When a pullet nears laying age, anywhere after 18 weeks old or so, she will most likely start to squat down when you approach. She will bend her legs, crouch, and sort of flatten her wings and back. So what does that all mean in her chicken world?
Squatting is a sign of submission – so she is shifting into the mating position for a rooster. If you don't have a rooster in your flock, she will often see YOU as the rooster.
The squat also signals that she will soon begin to lay eggs. Many fans on my Facebook page report collecting their first egg within days of noticing their young hen squatting.
Squatting is also a defensive position against a predator attack. By lowering her body to the ground, she is protecting her vulnerable underbelly, making herself a smaller target and holding still to hope to avoid detection by a motion-savvy aerial predator.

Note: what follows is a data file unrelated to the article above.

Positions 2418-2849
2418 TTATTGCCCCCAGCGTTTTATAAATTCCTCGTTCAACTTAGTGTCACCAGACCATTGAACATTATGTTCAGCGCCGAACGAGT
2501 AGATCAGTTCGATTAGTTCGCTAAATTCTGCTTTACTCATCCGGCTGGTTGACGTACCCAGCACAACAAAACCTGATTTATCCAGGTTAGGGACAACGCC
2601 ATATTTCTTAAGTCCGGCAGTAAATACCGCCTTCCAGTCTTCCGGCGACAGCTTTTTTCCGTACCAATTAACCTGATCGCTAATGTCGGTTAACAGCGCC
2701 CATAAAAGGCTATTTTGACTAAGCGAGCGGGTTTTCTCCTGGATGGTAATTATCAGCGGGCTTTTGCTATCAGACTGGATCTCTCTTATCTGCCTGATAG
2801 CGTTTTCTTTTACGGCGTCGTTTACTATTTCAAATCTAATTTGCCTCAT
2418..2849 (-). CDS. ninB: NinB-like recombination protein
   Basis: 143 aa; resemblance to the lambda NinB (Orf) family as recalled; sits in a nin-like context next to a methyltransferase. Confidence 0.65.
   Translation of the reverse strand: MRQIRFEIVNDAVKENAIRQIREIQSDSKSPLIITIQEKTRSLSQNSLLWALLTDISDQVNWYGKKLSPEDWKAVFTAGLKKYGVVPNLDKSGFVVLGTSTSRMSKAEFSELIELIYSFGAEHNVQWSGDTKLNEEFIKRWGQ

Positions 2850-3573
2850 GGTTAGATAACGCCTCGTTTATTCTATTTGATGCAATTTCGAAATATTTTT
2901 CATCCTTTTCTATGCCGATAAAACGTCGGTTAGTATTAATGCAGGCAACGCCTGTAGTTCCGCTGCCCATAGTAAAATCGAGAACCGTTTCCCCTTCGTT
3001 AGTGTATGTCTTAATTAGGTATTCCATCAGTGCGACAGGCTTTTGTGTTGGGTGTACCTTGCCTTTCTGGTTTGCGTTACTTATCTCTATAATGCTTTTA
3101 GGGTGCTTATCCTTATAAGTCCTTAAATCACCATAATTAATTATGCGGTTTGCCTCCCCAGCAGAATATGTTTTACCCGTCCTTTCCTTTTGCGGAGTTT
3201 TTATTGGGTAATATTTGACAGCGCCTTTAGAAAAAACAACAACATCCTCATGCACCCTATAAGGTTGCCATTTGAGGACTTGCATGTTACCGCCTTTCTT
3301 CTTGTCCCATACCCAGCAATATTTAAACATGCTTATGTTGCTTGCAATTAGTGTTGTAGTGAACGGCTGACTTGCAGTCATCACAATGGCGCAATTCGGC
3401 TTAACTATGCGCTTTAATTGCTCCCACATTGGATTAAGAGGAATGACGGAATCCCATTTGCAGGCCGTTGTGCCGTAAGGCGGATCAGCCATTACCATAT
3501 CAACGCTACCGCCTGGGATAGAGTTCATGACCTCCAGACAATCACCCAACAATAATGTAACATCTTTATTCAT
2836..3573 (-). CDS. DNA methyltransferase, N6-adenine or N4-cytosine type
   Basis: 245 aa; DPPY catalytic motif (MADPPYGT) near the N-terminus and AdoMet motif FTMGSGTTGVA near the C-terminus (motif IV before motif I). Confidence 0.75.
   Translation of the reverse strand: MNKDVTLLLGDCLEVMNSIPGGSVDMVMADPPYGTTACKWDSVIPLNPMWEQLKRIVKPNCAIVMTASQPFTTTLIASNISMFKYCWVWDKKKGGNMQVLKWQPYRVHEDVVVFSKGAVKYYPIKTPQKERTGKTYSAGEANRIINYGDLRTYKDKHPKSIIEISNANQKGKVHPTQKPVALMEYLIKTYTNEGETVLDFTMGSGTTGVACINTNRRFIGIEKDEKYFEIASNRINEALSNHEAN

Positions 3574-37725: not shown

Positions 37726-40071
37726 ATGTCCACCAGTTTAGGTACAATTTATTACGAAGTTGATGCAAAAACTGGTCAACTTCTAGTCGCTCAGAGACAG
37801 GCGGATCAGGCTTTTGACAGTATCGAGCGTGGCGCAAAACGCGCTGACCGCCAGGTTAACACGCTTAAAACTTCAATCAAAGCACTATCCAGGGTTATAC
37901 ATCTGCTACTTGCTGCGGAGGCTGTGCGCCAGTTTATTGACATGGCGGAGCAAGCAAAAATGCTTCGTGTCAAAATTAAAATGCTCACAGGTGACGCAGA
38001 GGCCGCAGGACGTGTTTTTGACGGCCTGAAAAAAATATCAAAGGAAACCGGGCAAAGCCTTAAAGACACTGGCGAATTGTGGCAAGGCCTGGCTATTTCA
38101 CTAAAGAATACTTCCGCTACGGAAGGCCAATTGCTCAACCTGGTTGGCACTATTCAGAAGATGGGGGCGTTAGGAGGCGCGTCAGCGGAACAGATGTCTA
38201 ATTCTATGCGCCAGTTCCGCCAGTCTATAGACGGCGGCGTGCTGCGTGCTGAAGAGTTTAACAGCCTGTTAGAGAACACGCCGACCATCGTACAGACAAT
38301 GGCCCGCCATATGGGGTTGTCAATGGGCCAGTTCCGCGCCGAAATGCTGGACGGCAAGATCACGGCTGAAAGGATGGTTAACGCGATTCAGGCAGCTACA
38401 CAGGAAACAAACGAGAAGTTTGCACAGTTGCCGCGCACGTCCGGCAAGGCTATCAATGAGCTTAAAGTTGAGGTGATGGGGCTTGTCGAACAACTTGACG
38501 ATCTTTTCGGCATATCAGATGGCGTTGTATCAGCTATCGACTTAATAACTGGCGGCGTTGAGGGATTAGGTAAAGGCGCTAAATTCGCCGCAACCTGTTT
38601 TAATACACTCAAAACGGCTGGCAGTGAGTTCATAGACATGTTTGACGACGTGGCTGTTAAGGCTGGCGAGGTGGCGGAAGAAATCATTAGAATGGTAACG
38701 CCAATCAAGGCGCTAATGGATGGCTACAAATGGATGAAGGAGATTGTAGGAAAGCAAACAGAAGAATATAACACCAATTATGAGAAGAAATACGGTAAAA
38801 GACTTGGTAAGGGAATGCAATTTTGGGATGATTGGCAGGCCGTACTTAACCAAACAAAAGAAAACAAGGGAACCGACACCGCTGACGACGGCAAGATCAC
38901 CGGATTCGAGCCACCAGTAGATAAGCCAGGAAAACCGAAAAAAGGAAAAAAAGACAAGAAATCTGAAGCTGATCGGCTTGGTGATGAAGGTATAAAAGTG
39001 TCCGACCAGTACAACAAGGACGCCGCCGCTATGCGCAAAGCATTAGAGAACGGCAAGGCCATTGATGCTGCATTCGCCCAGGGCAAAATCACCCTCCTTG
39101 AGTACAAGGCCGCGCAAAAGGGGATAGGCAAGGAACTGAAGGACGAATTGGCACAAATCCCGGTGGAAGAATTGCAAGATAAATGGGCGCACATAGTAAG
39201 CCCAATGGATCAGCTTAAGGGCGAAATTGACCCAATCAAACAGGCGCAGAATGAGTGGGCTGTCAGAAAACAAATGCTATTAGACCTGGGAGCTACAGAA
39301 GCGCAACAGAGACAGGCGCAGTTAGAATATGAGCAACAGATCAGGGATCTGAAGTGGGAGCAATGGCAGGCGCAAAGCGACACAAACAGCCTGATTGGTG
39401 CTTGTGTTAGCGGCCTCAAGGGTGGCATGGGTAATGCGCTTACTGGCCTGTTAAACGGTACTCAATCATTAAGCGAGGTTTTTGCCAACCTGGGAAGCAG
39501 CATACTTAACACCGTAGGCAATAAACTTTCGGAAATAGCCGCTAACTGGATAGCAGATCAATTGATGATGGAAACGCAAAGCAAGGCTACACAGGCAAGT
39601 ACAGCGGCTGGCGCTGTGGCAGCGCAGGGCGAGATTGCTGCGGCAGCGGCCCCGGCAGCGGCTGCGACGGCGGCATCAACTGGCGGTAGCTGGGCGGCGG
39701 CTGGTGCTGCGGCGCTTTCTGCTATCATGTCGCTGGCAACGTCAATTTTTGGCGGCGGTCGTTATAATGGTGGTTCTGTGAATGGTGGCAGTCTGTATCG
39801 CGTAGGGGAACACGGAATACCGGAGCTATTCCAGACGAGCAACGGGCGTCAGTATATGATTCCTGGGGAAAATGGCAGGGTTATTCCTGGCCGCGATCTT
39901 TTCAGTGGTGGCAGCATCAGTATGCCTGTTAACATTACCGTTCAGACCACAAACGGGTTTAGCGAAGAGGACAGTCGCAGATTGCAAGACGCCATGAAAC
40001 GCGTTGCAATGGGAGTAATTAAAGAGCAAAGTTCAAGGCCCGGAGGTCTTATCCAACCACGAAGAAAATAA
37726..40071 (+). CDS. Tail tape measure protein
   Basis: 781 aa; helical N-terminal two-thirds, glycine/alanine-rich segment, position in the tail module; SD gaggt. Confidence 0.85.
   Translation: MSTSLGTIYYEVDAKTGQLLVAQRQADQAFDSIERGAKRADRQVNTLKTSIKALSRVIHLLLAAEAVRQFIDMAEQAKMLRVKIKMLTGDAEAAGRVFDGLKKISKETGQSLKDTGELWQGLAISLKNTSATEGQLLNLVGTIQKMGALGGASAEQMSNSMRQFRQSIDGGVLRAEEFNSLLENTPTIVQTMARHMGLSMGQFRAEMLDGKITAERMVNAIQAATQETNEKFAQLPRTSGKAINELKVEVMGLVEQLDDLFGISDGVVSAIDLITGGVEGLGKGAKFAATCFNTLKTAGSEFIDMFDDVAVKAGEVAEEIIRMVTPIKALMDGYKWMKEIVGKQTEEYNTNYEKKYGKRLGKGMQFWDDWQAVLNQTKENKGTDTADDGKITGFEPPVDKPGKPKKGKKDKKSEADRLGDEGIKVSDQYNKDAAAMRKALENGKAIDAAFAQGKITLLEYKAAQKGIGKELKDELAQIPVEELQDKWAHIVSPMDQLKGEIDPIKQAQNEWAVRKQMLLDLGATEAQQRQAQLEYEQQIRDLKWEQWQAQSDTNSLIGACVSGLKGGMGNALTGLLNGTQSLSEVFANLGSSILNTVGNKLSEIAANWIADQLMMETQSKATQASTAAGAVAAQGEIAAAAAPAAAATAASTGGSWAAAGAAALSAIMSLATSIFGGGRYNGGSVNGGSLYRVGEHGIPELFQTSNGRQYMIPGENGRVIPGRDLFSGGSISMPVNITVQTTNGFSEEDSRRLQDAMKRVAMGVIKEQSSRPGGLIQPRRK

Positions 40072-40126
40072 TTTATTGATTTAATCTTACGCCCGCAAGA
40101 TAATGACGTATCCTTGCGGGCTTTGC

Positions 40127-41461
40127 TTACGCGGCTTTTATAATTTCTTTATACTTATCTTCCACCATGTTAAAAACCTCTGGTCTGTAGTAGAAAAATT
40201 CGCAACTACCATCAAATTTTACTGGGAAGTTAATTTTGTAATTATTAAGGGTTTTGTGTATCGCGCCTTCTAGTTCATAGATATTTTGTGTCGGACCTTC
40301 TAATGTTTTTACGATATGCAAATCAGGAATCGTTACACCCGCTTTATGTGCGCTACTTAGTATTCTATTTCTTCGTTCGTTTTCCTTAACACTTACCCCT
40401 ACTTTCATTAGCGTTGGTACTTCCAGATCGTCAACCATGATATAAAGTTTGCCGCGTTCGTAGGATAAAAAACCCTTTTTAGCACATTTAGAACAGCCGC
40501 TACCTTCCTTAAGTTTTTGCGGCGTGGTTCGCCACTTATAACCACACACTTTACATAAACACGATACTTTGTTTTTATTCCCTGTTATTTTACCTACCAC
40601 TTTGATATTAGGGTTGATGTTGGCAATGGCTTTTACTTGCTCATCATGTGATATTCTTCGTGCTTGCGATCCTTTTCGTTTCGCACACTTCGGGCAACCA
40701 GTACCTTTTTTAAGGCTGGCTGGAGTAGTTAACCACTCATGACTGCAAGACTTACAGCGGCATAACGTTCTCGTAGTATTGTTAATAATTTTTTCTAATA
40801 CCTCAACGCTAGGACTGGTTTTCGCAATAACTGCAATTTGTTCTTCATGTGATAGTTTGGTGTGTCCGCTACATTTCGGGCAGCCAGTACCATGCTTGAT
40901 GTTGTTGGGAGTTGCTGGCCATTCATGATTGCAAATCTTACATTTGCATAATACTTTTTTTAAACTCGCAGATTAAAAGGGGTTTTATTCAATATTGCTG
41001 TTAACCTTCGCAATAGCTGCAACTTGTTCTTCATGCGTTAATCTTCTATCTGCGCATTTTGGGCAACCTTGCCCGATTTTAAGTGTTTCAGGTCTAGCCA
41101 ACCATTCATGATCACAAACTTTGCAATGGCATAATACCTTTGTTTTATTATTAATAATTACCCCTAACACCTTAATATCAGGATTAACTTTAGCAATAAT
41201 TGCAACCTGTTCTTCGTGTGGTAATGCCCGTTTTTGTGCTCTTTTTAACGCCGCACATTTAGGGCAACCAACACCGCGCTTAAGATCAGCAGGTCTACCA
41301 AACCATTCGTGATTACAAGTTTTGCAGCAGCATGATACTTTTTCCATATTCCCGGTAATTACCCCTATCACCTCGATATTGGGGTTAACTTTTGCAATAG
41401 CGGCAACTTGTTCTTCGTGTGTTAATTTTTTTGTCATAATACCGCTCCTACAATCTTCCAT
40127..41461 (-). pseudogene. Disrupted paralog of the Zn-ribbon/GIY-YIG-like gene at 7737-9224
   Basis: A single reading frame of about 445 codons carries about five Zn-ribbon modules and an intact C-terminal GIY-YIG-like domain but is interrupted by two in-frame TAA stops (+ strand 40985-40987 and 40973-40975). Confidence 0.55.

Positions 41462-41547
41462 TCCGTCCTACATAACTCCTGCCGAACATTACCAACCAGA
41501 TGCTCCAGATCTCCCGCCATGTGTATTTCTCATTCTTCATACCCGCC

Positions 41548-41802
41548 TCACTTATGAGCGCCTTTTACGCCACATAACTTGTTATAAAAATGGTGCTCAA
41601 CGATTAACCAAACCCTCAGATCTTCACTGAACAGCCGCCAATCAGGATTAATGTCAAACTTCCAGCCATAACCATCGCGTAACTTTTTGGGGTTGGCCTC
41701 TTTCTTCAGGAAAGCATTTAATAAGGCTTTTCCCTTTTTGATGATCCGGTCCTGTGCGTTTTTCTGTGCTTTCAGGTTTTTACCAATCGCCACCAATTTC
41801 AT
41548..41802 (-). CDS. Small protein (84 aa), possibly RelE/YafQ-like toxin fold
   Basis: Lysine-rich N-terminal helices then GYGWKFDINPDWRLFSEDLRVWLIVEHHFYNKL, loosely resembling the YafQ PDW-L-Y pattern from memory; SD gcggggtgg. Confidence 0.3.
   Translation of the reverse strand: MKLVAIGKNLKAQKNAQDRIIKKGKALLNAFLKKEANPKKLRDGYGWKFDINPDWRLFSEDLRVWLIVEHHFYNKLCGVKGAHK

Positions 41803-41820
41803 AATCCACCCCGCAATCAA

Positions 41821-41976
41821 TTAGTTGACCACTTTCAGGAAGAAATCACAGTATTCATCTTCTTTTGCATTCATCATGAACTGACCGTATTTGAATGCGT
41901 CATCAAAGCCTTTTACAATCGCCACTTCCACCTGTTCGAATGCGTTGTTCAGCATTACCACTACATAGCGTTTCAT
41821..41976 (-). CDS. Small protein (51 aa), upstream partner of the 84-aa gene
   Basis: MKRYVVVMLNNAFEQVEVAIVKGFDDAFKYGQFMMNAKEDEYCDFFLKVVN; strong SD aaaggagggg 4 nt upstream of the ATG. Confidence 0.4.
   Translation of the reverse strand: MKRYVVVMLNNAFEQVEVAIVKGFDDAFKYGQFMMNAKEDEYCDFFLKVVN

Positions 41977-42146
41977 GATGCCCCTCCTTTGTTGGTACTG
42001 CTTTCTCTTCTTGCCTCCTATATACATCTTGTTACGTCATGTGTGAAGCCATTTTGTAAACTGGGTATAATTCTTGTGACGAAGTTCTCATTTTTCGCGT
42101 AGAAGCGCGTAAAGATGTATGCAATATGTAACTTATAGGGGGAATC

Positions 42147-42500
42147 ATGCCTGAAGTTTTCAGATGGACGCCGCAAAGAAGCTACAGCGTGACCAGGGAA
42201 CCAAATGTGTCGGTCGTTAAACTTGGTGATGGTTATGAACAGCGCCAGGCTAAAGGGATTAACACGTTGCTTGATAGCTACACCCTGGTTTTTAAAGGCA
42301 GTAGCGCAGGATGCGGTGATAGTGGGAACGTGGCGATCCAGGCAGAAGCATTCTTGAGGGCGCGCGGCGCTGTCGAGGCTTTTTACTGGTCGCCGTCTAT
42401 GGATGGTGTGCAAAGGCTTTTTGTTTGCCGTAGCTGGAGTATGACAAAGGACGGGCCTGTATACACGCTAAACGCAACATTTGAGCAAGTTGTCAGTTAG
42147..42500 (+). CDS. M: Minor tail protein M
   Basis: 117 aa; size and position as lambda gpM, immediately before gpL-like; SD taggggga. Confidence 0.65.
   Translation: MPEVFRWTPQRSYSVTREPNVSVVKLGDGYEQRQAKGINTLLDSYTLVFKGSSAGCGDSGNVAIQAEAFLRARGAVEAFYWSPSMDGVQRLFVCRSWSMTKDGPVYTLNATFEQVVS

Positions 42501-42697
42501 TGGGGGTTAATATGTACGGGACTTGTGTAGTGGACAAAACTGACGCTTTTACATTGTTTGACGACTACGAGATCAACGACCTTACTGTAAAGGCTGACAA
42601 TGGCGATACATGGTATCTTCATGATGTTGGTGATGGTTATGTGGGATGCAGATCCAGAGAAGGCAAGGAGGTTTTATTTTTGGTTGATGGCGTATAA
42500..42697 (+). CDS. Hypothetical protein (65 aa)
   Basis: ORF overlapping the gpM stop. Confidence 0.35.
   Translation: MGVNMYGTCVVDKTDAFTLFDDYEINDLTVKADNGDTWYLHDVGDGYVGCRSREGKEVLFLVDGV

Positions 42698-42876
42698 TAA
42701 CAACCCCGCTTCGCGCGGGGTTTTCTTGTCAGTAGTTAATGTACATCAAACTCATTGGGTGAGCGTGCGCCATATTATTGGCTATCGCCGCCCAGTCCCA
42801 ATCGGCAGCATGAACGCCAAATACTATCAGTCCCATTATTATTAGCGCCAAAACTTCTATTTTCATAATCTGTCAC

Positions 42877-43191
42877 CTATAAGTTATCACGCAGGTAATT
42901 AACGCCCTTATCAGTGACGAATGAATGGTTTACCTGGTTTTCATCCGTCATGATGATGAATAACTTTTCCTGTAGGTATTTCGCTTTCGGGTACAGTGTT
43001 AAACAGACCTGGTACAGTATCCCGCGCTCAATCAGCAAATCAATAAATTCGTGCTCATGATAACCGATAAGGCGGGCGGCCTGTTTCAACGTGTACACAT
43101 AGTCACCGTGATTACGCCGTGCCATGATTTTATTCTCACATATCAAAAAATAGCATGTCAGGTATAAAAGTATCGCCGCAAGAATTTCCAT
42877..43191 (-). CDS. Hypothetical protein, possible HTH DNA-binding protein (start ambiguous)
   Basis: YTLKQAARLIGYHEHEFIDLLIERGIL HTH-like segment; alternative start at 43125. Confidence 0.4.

Pullets lower in the pecking order will also often squat for a higher-ranking older hen to show submission.
Regardless of the reason for the squat, it comes in very handy when you need to catch or pick up your hens or catch them!
So now you know. The next time you're outside with your flock, make it a point to notice among your young pullets who's squatting and who's not and you'll have a pretty good idea who your soon-to-be-layers are!
For more on what to expect when you're EGG-SPECTING, read HERE.
Fresh Eggs Daily
More than 150 workshops, great deals from more than 200 exhibitors, off-stage demos, inspirational keynotes, and great food!LEARN MORE